However, in due course, Venkatesh took charge of corporate finance functions and worked closely with the promoter group, said sources close to the management. The CEO and MD’s role was relegated to running day-to-day operations, they said. This marked the beginning of a period of CG Power’s financial stress. 

Sources close to the promoter group counter allegations around Venkatesh’s close working relationship with Thapar. “The information is false and factually incorrect, and meant to malign Thapar's reputation,” a source said. Being the non-executive chairman of the board, Thapar was not involved in the day-to-day functioning, the source said.

Looming financial trouble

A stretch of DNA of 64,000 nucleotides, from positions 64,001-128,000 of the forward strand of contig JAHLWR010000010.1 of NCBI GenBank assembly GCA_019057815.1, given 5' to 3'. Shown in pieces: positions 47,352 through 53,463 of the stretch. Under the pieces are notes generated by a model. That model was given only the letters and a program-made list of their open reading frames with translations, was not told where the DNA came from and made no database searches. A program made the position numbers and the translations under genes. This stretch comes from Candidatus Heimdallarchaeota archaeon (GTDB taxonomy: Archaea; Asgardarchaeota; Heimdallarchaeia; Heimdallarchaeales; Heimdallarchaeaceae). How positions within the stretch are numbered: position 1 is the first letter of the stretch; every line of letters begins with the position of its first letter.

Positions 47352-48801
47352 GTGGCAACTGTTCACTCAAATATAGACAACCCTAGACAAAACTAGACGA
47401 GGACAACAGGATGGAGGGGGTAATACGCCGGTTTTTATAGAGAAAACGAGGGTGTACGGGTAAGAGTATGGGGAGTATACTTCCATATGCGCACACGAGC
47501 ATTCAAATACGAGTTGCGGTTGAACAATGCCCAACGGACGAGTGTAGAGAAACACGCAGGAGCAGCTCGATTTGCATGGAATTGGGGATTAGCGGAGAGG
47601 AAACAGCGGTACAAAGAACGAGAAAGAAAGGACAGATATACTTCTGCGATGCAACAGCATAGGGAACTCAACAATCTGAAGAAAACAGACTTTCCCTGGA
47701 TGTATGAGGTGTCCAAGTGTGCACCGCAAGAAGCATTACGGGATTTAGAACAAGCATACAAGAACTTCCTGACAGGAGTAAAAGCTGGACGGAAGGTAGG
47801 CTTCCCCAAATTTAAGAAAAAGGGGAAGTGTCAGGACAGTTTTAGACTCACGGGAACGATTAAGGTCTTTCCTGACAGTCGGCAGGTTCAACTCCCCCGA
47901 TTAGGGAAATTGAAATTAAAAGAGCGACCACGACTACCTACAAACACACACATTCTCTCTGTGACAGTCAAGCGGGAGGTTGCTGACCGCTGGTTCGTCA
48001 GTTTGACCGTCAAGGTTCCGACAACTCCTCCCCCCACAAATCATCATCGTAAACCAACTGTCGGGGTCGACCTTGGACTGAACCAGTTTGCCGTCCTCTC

Sources close to CG Power say they got an inkling of the looming trouble only over the past 12-18 months. Red flags were raised with repeated instance of stress in working capital requirements, said a source in the company. “We were surprised why a profitable business should face working capital issues but never got convincing responses,” corroborated a board member. 

The situation turned grim by March when creditors to Avantha Holdings, the holding company of CG Power, began invocation of pledged CG shares. The growing stress coincided with Thapar’s reducing stake in CG Power. In an analyst report, the company noted that promoter’s shareholding was 34.42 per cent as of December 31, 2018. This dropped to 0.01 per cent as of June 30. Thapar just had 8,574 shares in June. The board then decided to up the ante.